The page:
Annually, my coworkers and I attend a three day statewide meeting. Four of us generally make it our business to spend pretty much all our time (except the time when we are required to sit in straightback chairs listening to speakers) eating and drinking, or looking for things to eat and drink. Although we sometimes splurge on a fancy dinner spot we hope will be worthy, we more frequently look for special diners, farmstands, homemade pies, and the like.
As we were in State College, PA this week, we made a trip to The Creamery, at the University, well known for its ice cream. I understand that this is where Ben and Jerry learned their ice cream fundamentals.
We had just had a splurge meal at a place in town called Zola,on Beaver, which was really very good, and surprisingly filling. As we had had a drink and snack before we arrived at the restaurant, which specializes in a "seasonal menu", no one ordered a first course. Since we were going to the creamery, no one had dessert either. I had a dish involving seared sea scallops, arranged on a large plate, in a sort of salad like fashion. There were pea shoots, little balls of summer squash, carrot nuggets, slivers of black truffle, and comma-like smears of a thick balsamic glaze. There was some sort of pale, very tasty sauce too, in quantities too minimal for me to deduce the ingredients. It looked saladish, but it turned out to be a huge meal, because there were so many of these giant, tender, very tasty scallops. There was a nice mushroomy tasting olive bread to mop up the sauce. It was also very pretty, much prettier than the garish ice cream picture, for example. However, I allowed my friends to talk me out of taking a flash photo in the dark restaurant. I might have gone ahead and done it, despite their fear of public disgrace. However, I am not so good at taking flash lit pictures of food, and I thought it would probably look lurid anyhow.
Once we had paid up at Zola, we took quite an uphill 30 minute hike to the Creamery, which was in the middle of the very large campus area. By the time we arrived, overheated and sweaty, any guilt at topping off a big dinner with icecream had vanished. The Creamery is a separate, glass sided little building among other campus buildings, and has a stainless steel, practical dairy look to it. Outside, there are picnic tables and chairs. The menu is simple, about 10 flavors of ice cream, in cones or dishes, a few types of sundaes, and that's about it. I should probably have had vanilla, or some simple, true flavor, but I was carried away by nostalgia for mint chocolate chip, which I had loved in my college days, from the Wisconsin Ag School dairies. I went for the "Bittersweet Mint" in the unnatural green you see before you. It was really tasty, with huge bites of good bittersweet chocolate and a comparatively understated mint flavoring. It was hard to know if the ice cream was exceptionally good, in a basic way, because of the assertive tastes. (Even the mildest mint taste pretty much takes over.) But I enjoyed it thoroughly, and those who had the vanilla and strawberry were also pleased. It was the sort of ice cream I (possibly erroneously) remember from childhood, creamy, but not a custard, and nice tiny ice crystals. Well worth the walk.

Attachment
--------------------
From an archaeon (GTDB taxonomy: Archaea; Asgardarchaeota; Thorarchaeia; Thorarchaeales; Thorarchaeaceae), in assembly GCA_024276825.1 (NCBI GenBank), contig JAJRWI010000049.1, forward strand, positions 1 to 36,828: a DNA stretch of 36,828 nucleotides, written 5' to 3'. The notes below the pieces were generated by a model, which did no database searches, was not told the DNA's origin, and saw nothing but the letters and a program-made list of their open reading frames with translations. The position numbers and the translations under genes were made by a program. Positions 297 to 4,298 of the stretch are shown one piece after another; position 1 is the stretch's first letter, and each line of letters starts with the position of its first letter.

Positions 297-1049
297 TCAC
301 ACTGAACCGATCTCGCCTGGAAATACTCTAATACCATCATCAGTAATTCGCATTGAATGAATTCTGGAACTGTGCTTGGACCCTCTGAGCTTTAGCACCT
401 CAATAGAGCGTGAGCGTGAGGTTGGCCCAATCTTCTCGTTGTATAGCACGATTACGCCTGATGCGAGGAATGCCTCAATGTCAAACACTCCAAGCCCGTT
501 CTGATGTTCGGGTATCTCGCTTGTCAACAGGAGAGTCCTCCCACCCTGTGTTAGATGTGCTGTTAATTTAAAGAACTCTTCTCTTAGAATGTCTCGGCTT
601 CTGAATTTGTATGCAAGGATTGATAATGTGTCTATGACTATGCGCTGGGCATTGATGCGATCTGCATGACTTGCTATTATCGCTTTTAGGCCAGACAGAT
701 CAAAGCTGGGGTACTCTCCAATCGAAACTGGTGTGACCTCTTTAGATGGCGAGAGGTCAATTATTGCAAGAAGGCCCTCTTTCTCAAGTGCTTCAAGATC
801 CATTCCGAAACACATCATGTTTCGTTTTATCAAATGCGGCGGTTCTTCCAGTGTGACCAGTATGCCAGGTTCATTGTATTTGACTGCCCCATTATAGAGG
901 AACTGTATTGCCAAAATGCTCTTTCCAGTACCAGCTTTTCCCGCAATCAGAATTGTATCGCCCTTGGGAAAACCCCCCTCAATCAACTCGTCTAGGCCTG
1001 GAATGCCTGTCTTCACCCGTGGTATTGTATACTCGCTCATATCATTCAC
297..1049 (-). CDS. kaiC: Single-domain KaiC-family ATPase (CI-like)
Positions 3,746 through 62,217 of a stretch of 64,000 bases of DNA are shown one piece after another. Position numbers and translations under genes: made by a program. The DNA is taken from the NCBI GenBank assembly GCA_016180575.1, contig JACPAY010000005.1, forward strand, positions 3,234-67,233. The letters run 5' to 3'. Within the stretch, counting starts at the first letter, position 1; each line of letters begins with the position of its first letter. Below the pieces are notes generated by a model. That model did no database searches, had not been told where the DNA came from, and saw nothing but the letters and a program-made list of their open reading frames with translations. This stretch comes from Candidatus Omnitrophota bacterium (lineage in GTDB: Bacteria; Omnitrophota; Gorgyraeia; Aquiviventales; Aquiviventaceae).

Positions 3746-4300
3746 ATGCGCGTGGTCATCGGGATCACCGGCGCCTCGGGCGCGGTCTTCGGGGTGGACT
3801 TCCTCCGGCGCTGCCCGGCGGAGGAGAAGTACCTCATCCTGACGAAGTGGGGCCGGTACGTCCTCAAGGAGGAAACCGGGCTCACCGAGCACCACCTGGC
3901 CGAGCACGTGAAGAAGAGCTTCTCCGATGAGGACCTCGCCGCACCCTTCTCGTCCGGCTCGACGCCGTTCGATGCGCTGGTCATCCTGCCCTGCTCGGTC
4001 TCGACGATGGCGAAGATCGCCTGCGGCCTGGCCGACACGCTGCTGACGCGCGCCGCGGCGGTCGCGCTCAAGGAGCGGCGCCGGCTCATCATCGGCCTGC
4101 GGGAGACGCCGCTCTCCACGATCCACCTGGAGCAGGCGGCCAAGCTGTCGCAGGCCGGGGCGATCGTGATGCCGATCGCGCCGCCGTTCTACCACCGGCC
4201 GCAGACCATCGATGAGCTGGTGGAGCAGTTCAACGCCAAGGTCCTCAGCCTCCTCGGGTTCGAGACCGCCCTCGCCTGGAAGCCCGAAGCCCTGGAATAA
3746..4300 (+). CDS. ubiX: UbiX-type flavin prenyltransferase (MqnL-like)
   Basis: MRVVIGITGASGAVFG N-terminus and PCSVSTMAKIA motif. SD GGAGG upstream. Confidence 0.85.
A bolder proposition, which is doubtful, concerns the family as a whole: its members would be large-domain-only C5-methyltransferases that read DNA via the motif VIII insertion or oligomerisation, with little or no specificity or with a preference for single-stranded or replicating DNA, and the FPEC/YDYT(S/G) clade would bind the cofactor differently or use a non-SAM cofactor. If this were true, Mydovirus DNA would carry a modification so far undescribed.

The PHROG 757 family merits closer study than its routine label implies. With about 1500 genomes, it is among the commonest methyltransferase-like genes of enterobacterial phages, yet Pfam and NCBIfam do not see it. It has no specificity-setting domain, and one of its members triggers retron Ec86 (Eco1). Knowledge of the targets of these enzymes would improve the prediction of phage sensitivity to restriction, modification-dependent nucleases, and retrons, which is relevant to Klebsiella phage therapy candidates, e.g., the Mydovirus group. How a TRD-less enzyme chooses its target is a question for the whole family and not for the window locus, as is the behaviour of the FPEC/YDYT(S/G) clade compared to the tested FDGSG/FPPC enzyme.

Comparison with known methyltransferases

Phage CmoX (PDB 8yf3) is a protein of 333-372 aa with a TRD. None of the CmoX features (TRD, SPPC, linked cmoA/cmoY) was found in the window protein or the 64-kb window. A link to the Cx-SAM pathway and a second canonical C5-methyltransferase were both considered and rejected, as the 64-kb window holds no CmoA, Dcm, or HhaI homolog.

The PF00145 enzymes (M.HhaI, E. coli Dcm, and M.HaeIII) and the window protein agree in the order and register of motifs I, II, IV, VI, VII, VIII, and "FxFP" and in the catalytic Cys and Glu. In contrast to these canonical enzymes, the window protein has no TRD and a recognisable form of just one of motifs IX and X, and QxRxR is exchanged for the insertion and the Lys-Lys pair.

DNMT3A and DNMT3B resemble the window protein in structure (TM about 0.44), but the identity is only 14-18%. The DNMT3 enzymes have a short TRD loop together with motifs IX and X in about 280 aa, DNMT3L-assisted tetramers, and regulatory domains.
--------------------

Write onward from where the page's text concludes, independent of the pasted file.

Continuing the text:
As our seminar coffee had been particularly nasty, the second day I decided to get up early, go for a walk, and find my own coffee. I stumbled upon a place on Calder Way, called the Cheese Shoppe. It was very early, and dark, and I did not really examine any cheese. It appeared to be primarily a coffee, tea, and fancy groceries place, but also
seemed to be a bit of an early morning coffee club. It is below street level, and down a flight of steep stairs. It was very dark there at 7 am. I sort of crawled and bumped in between the seated and standing coffee drinkers (the place is tiny), who showed no signs of minding. I got the impression that these folks are here every day for the coffee, and all of them knew each other and were kidding around pleasantly. The proprietor hung out in the back, but when I decide to buy some sherry vinegar and grainy mustard, one of the coffee drinkers helped me figure out how much to leave on the counter for my purchases. There was quite a selection of coffee, brewed up, and an even bigger selection for grinding and purchase.
The proprietor came out for a bit, so I got to ask him if he had Malden' s Sea Salt, which I really like and have a hard time finding in my usual Pittsburgh haunts. He carries it, but was all out at the moment. I forget which of the coffees I chose to fill my cup, but it was very good, and improved my outlook on the morning meetings.
On the way home this afternoon, we stopped at Clem's barbecue,near Blairsville, where they do really fine ribs or chicken on a big outdoor wood fire, and have dynamite rootbeer. You can generally smell Clem's from pretty far away, and the parking lot is never empty. You can eat there, at a picnic table, or take it home with you. It was nowhere near time to eat, so I bought a quart canning jar of their excellent sauce, in which I will make pulled pork, at a later date. I have done this before, and know it to be quite decent.
I am very glad to be home, and happy to see that my new kitten Sid (about 12 weeks ) and older beloved golden cat Archie seem to be getting along, more or less. I was worried about leaving them to duke it out, even under the watchful eye of Lou, my cat minder. But Archie is such a peaceful cat, he probably wore her out with kindness.